I have intentionally used the same images and metaphors as the mystics, West and East, because I think we are talking about the same experience. Darkness, unknowing, emptiness, are traditional words that de­scribe the fact that the only thing we will ever know, conceptually, is our universe of matter’s energy — including us — endlessly driven to survive in the present moment.

To my mind, this is the basis for the ultimate reconciliation of philosophical enquiry and theological projection. It not only confirms the limited conclusions of rational observation and analysis at all levels, scientific and philosophical, but it also guarantees respect for the metaphors of all religious traditions which are attempting to celebrate and relate to the powerful creative darkness instead of denying it. It also finally includes in the circle of the fully human all those people branded “atheist,” who choose to stand in utter silence before the mystery of it all, because they refuse to apply any metaphors whatsoever to the emptiness, the embrace of existence, that they, like the rest of us, encounter at the core of them­selves. We are all made of the same thirsty clay, the same hungry quest for life. For those of us who know that the very heart of the matter is that we do not know what that is, “atheists” are our coreligionists.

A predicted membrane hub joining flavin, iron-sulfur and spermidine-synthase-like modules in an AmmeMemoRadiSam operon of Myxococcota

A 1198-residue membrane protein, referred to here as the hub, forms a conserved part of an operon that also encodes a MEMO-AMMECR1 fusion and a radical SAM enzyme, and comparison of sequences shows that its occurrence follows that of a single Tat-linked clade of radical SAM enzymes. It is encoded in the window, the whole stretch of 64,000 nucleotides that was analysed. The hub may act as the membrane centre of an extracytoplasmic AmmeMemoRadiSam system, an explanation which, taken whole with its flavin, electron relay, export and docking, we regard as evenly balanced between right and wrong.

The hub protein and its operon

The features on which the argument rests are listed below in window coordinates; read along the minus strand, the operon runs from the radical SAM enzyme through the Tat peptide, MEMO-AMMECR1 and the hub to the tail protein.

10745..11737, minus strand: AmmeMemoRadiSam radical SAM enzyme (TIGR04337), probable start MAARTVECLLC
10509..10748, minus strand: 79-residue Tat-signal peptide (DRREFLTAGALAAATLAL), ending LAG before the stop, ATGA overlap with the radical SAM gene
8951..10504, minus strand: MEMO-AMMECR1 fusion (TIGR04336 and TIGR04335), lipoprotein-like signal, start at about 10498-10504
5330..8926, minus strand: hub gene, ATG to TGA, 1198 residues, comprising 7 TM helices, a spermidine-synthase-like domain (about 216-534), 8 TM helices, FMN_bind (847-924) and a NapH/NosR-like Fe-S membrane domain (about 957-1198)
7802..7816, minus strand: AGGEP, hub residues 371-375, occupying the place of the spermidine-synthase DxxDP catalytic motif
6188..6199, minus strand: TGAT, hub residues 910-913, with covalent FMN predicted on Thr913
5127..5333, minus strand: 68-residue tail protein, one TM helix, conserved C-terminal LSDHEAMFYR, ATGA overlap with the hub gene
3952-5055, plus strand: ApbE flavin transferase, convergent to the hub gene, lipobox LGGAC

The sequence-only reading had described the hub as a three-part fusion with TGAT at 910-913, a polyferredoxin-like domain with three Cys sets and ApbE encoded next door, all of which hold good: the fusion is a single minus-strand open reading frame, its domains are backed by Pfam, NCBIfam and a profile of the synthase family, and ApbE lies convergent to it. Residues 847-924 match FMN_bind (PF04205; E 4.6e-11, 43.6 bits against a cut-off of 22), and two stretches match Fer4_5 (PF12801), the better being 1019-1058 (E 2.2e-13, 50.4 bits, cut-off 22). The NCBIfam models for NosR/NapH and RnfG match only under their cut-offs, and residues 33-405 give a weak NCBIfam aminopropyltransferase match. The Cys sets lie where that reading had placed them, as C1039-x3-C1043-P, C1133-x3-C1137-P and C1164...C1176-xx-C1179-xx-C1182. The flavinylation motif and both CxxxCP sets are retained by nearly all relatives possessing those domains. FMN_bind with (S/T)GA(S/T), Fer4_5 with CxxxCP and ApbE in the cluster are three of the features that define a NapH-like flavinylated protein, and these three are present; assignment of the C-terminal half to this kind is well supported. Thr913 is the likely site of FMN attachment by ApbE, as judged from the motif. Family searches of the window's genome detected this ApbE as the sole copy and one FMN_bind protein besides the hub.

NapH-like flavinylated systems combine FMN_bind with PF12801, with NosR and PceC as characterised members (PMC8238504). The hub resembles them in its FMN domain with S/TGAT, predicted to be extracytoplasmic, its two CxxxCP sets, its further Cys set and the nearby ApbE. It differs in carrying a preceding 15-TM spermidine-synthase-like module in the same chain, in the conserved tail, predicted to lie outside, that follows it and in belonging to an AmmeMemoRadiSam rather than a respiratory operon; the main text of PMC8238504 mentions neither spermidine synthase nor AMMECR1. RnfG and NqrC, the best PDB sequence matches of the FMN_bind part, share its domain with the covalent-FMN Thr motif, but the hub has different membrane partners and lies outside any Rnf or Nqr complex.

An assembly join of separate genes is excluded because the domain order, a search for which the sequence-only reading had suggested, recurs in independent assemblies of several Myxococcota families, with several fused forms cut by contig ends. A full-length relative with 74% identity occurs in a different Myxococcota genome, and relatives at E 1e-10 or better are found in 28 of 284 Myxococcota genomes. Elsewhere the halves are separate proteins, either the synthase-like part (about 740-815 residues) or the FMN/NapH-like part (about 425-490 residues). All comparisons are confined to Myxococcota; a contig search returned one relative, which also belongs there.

But it should not make us disconsolate to say we do not know. We don’t need to know; for we understand existence, and understanding opens to the possibility of relationship. Once we stop in­sisting that there must be an explanation that can be expressed in the con­ventional terms of our rational knowledge concepts, explanations, reasons, words, logic, analyses, instruments of human control — the immense mystery of being-here discloses itself. For while we may not know what it is, we experience its dynamic power and understand it from within. We possess it completely in conscious form. For we are it. We have no more intimate understanding of anything. We can realize our identity with it; we can hold it and be-hold it in silent contemplation; and we can express, com­mu­ni­cate and celebrate its groaning creative maternal benevolence which gave birth to this astonishing universe, with evocative metaphors, spellbinding myths and ecstatic rituals. And ultimately we embrace it as our very selves …  

But we do not know what it is.

 

[1] Philo of Alexandria, On the Change of Names, II (7) to (14) passim, tr.Yonge, Hendrickson Publishers, 1993, p.341-342.
[2] faith: I claim the word “faith” has been hijacked by its association with Christianity’s projections about supernatural realities. Hence it is crossed out. That doesn’t mean it’s eliminated … rather that it no longer has its traditional significance as religious knowledge.